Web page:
Rag weaving is a wonderful way to take old textiles and give them new life. It should come as no surprise that weavers from around the world and throughout time have embraced weaving with rags. In his Notes from the Fell from the March/April 2018 issue of Handwoven, Tom Knisely shares his international rag-weaving discoveries. —Christina
Hello friends! I love the idea that we are all interconnected to each other in some way—that we are all connected in our love of weaving or, better yet, finding out that we are distantly related and share the same love of weaving. Now wouldn’t that be so cool? One big weaving family.
The genetic connection is sometimes obvious, but I never see it as anything less than marvelous: when I look at my daughter Sara’s hands and see that she has the same finger shape as mine, or I look at my granddaughter Imogen and can see she is her daddy’s girl through and through. These likenesses are wonderful to see; you can’t deny the relationships.
I once watched a documentary hosted by a food anthropologist who explained the migration of the noodle and pasta, especially in relation to the stuffed pocket of dough: from pot stickers and dim sum in China to ravioli and tortellini in Italy. Then don’t forget the Cornish pasty eaten for lunch by miners in Cornwall, England, or the empanada—both consist of savory meat that’s wrapped in dough and baked and are convenient to take along with you and eat as you work.
What does all this have to do with weaving? Well, just like with food, people have been coming up with similar and brilliant ideas about weaving and textiles for years, not in just one area or location, but in different parts of the globe. The first time I recognized this was at Convergence in Cincinnati, Ohio, where I met a couple of ladies selling textiles from different parts of the world. On their table were narrow strips of fabric woven with thinly cut rag strips as the weft and very fine cotton in the warp. The vendor explained that these were Japanese obis used around the waist of a kimono much like a belt. She said that this style of obi was woven by weavers in the rural areas of Japan where frugality was a way of life. This style of weaving is known as sakiori. I bought two, and that started a collection of not only sakiori obis but of rag weaving of all kinds.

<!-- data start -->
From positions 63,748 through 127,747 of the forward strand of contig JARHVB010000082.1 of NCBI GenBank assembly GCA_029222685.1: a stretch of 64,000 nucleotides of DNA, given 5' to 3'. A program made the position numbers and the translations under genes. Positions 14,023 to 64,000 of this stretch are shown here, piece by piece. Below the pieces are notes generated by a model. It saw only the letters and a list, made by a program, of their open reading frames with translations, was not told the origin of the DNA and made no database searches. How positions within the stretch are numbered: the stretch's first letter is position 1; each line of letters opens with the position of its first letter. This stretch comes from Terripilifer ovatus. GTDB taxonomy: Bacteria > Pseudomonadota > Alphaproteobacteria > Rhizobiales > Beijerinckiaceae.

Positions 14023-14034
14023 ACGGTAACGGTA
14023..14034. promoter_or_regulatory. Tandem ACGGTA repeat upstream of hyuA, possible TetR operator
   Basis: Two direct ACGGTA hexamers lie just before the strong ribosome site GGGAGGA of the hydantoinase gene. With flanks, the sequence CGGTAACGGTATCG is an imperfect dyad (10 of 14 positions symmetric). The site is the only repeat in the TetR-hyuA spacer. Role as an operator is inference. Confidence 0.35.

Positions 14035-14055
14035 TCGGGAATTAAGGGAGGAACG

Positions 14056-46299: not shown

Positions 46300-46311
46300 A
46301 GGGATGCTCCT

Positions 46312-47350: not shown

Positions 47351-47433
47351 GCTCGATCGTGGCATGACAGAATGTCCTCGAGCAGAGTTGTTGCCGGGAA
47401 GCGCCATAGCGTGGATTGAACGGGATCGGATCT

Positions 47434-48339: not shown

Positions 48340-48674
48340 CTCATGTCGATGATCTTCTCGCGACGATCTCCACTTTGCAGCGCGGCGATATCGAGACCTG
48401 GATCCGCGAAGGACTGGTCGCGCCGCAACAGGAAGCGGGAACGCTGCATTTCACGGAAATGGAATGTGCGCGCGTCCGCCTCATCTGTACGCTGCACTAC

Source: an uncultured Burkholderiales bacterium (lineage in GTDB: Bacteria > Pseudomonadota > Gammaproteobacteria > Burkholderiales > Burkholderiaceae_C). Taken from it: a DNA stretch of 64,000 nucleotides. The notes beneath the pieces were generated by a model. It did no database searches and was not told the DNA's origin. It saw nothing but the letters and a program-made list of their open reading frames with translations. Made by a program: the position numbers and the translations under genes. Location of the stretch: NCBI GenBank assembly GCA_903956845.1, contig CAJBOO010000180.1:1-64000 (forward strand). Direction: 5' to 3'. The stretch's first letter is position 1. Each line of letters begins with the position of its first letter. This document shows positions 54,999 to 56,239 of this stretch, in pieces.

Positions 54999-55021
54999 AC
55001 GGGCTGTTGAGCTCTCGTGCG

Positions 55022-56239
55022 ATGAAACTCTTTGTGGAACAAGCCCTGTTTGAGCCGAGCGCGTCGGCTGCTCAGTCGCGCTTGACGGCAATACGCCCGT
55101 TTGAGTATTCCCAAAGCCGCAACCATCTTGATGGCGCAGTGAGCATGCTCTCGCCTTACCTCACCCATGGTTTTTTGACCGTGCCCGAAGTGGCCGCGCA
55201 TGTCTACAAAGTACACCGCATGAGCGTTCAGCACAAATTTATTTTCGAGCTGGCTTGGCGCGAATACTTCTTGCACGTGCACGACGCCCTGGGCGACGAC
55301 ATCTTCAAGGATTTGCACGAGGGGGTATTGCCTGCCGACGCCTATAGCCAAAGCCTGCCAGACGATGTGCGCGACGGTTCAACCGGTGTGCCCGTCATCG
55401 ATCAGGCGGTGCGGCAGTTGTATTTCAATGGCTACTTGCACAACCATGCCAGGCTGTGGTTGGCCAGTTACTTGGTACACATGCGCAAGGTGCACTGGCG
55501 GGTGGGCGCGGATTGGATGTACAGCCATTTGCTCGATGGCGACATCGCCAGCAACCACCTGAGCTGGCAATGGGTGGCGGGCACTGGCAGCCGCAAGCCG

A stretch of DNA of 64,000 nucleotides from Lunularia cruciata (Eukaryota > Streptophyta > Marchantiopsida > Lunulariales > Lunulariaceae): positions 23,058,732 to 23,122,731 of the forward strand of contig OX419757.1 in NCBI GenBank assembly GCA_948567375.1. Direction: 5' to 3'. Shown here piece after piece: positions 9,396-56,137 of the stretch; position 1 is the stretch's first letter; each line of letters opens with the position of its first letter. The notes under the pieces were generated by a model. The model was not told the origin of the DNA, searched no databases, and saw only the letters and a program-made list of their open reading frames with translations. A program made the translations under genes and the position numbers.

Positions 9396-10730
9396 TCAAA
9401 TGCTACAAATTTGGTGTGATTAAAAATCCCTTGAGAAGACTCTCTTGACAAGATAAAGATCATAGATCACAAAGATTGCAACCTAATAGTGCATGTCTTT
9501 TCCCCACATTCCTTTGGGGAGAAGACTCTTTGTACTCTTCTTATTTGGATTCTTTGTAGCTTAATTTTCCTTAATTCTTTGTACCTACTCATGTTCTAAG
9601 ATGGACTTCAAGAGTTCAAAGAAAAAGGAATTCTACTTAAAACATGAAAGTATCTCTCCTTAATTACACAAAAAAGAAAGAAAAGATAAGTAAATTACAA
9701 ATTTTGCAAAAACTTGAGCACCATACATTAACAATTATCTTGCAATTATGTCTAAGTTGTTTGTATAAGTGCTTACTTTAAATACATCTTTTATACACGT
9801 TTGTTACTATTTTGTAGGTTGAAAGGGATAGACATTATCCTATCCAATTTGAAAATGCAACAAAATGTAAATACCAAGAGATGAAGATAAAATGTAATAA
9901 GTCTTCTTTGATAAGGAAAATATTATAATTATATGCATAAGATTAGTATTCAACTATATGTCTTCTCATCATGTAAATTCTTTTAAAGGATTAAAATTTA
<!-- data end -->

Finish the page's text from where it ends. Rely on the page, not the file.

I was very familiar with rag rugs—I had woven dozens of them myself. What I now wanted to know was this: How many other people around the world were also intrigued with the idea of weaving with rag strips? My search was on, and it didn’t take long to come up with another type of rag weaving. I was walking through the antique mall in town and spotted a rag rug for sale. Or the tag said it was a rag rug. I looked at it carefully and saw that this was no rag rug, my friends. It just wouldn’t have held up underfoot. The warp was about the size of 10/2 cotton, but the weft was very fine cotton rags. It was seamed down the middle and was the size of a bed covering. That is exactly what it was. I had found a catalogne blanket originating from Canada.